Because there is a public image that the Walt Disney Company has sought to maintain through the products they choose to acknowledge, the documentary addresses little social criticism of Walt. Over the years, rumors and allegations have persisted of Walt Disney’s worldview towards people of color and different ethnicities, with many figures accusing him of racism, anti-Semitism, or sexism. In various promotions, the producers of American Experience have stated they found no such evidence to support these allegations, and they chose to leave it out. A better, more conclusive solution, however, would’ve been to finally use the opportunity to set the record straight and deny the allegations once and for all. By refusing to face any fingers of political correctness, PBS and the Walt Disney Company have missed the best window of opportunity to absolve the legacy of the individual.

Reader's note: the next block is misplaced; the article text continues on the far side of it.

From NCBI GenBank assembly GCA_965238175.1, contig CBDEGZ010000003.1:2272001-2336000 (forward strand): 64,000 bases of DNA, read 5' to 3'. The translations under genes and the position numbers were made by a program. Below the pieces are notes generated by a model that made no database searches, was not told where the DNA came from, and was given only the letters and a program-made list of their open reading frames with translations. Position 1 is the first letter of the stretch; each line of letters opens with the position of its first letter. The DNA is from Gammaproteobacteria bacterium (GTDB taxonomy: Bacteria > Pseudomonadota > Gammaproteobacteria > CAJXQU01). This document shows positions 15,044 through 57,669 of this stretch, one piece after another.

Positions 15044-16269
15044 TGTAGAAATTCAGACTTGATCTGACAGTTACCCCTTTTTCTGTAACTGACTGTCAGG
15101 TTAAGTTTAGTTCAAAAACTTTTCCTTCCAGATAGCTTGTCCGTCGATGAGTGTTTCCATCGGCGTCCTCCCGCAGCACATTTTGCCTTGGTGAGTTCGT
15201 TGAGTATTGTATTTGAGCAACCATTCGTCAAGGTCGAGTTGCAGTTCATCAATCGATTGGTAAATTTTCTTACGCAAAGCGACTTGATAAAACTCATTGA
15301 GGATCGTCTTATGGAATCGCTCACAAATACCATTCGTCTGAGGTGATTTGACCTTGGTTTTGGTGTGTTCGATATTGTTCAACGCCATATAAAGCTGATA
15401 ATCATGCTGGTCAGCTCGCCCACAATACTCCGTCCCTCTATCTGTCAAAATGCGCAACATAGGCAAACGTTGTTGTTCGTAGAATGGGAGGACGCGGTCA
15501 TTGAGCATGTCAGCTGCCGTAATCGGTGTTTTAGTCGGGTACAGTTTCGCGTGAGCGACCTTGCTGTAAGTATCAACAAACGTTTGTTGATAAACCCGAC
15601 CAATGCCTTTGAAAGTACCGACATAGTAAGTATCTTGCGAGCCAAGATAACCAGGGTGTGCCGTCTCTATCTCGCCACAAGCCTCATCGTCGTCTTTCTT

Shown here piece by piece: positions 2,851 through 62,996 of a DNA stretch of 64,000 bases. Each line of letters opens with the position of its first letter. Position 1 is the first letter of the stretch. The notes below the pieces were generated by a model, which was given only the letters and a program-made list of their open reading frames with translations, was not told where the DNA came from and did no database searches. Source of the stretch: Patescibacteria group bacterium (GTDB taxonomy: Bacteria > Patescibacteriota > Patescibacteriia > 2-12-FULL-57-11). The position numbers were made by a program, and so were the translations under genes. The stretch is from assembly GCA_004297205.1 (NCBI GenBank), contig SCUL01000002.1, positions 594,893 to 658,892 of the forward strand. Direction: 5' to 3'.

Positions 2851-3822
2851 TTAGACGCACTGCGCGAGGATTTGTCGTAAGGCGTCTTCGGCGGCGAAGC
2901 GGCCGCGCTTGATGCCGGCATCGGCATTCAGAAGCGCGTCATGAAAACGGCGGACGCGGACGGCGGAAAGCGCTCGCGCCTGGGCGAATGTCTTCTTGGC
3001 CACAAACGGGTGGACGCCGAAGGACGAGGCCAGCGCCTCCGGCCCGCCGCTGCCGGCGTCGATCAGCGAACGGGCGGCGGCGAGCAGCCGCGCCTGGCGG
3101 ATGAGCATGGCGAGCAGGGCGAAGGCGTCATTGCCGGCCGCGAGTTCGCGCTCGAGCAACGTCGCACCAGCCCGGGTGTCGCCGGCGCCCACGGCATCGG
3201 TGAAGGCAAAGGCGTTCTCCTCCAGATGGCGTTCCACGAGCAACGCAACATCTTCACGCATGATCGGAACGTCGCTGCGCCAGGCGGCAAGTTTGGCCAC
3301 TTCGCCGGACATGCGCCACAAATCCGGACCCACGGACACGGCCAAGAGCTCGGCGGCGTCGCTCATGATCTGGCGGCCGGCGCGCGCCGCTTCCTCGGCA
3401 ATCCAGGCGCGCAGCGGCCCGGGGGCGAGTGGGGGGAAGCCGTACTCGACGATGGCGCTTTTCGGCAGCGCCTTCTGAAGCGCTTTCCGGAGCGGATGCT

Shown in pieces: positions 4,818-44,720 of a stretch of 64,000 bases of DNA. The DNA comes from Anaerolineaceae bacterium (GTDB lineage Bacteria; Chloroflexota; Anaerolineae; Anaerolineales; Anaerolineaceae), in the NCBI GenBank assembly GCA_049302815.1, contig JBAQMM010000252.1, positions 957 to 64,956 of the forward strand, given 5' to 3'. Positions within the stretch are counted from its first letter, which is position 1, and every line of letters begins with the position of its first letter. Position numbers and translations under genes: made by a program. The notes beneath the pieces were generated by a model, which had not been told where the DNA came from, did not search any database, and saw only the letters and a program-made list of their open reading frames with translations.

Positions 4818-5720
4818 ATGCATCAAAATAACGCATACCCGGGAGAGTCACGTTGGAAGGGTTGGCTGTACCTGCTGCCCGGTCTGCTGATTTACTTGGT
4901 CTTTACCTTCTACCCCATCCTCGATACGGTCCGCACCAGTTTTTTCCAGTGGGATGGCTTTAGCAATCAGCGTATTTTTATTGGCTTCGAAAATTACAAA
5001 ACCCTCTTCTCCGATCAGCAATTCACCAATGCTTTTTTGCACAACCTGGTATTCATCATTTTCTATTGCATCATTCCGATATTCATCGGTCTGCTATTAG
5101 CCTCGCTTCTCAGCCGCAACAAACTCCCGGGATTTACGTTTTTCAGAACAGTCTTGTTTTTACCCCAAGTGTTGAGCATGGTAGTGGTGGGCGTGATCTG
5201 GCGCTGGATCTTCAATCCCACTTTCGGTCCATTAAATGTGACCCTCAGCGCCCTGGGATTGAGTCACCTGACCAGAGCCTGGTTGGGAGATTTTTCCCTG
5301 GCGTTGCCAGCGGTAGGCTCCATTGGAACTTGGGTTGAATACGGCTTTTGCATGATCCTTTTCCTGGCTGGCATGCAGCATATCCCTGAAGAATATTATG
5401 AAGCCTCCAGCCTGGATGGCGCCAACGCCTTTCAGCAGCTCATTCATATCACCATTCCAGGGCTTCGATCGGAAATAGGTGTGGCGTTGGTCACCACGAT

In Part 2, a large segment of the documentary is focused on the cultural impact of Disneyland, and goes through the creation of it so thoroughly that there’s an obvious reverence for the theme park and its place in the world. The special explains of its popularity: “It was the CliffNotes version of American history and culture.” Disneyland was an easy representation of the affection and enthusiasm of America, and its genuine sincerity – despite its artificiality and idealization – was something that the world desperately longed for, and would eventually greet with open arms. “Such perfection did not belong to models,” Surrealist artist Salvador Dali expressed to Disney after being given a tour of his model railroad. Disney’s ambitions became bigger, and he sought to impact the culture – he was obsessed with the small-town ideal, constantly rewriting his own life to fit that standard, and with Disneyland, he had the opportunity to rewrite the life of others into that nostalgic idealism.